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Super G Race

post #1 of 8
Thread Starter 

I am thinking about entering a SuperG race in a few weeks and some concerns have been brought to my attention.  Since there are so many ex-racers and coaches on this board I was hoping that someone could help answer my questions.  I have raced for my high school team for the past 2 years in NJ as well as this year.  I am also doing USSA racing this year and there is an upcoming race SuperG at Gore.  In talking about it a few "red flags" were raised that I don't have the experience to answer myself so I was wondering if you could help.


I have never raced or trained SuperG.  I am aware that SuperG is very different from GS (both course layout and speed).  There is a one day "speed camp" the day before the race.  Would this be adequate to learn how to race SuperG?


Because SuperG is so different will racing it "throw off" my technique and mess me up for GS and/or slalom?


Thanks in advance for any and all help.  Much appreciated.

post #2 of 8

Everyone has to start somewhere. The course at Gore (assuming it's on Twister...) is super mellow, fast, and fun. It's a great place to get into speed.


Will you "learn how" to race Super G in a day? Of course not. It's a very tricky discipline with a lot of challenges, both mental and physical. But it's enough to learn the basics, get used to prejumping/pressing airs, understand the different dynamics of turns at speed, and get used to speed skis, as well as learn some of the safety stuff (i.e. getting flagged off course, etc.).


It won't hurt your GS and SL ... if anything it will help your GS and SL as you get used to higher speeds, absorbing terrain, and carrying speed.


Go for it. Gore's a fun place.

post #3 of 8

Speed Camp? Absolutely! Adequate? This should give you the fundamentals you need to ski it safely and familiarize yourself with the discipline. Just remember there is no substitute for training. Will you be competitive? Maybe. Will you win? Doubtful, but it will give you valuable experience. Will Super G racing hurt your GS and Slalom technique? No, but it may improve your GS. Good Luck and have fun!!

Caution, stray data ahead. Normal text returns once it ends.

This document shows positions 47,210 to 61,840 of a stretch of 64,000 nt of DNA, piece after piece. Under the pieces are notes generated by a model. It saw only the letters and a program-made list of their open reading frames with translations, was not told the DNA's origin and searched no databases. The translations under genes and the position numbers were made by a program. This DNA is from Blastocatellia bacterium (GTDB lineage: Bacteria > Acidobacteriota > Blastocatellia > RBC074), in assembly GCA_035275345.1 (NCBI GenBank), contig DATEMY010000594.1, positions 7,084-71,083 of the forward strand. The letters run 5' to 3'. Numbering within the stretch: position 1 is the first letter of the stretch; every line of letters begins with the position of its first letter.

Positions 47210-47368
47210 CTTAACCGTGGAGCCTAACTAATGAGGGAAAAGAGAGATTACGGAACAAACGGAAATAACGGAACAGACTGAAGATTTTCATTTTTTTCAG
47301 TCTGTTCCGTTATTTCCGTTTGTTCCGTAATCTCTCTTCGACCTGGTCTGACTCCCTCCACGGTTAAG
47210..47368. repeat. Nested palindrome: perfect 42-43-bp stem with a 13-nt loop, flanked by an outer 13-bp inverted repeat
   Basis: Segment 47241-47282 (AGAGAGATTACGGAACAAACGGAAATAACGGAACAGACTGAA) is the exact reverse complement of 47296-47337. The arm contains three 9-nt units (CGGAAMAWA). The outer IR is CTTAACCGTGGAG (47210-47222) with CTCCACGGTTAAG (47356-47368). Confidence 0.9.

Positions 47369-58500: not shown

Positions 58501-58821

post #4 of 8

yup, go for it!  as has been pointed out it will help you get used to carrying more speed in a course. The one day camp is a good start.  Other thing to remember is that for super g, understanding teh terrain features and the necessary line is critical.  As you inspect, look 2-3 gates behind you to work out the line.

post #5 of 8

I've run a few and they are a combination of fun and slightly scary. Twister would be a great hill to run one on! Our local Masters SG was cancelled last weekend due to the warm temps, so I won't get a chance this year unless I go to the regionals, which is doubtful.


You may want to try to beg, borrow, steal or buy a pair of SG skis. You'll be surprised at how much more damp and stable they are even compared to a longer pair of GS skis (note-I haven't skied the current FIS spec GS skis). There are usually quite a few around with little wear-most folks don't get much of a chance to use them and they change little from year to year other than the graphics.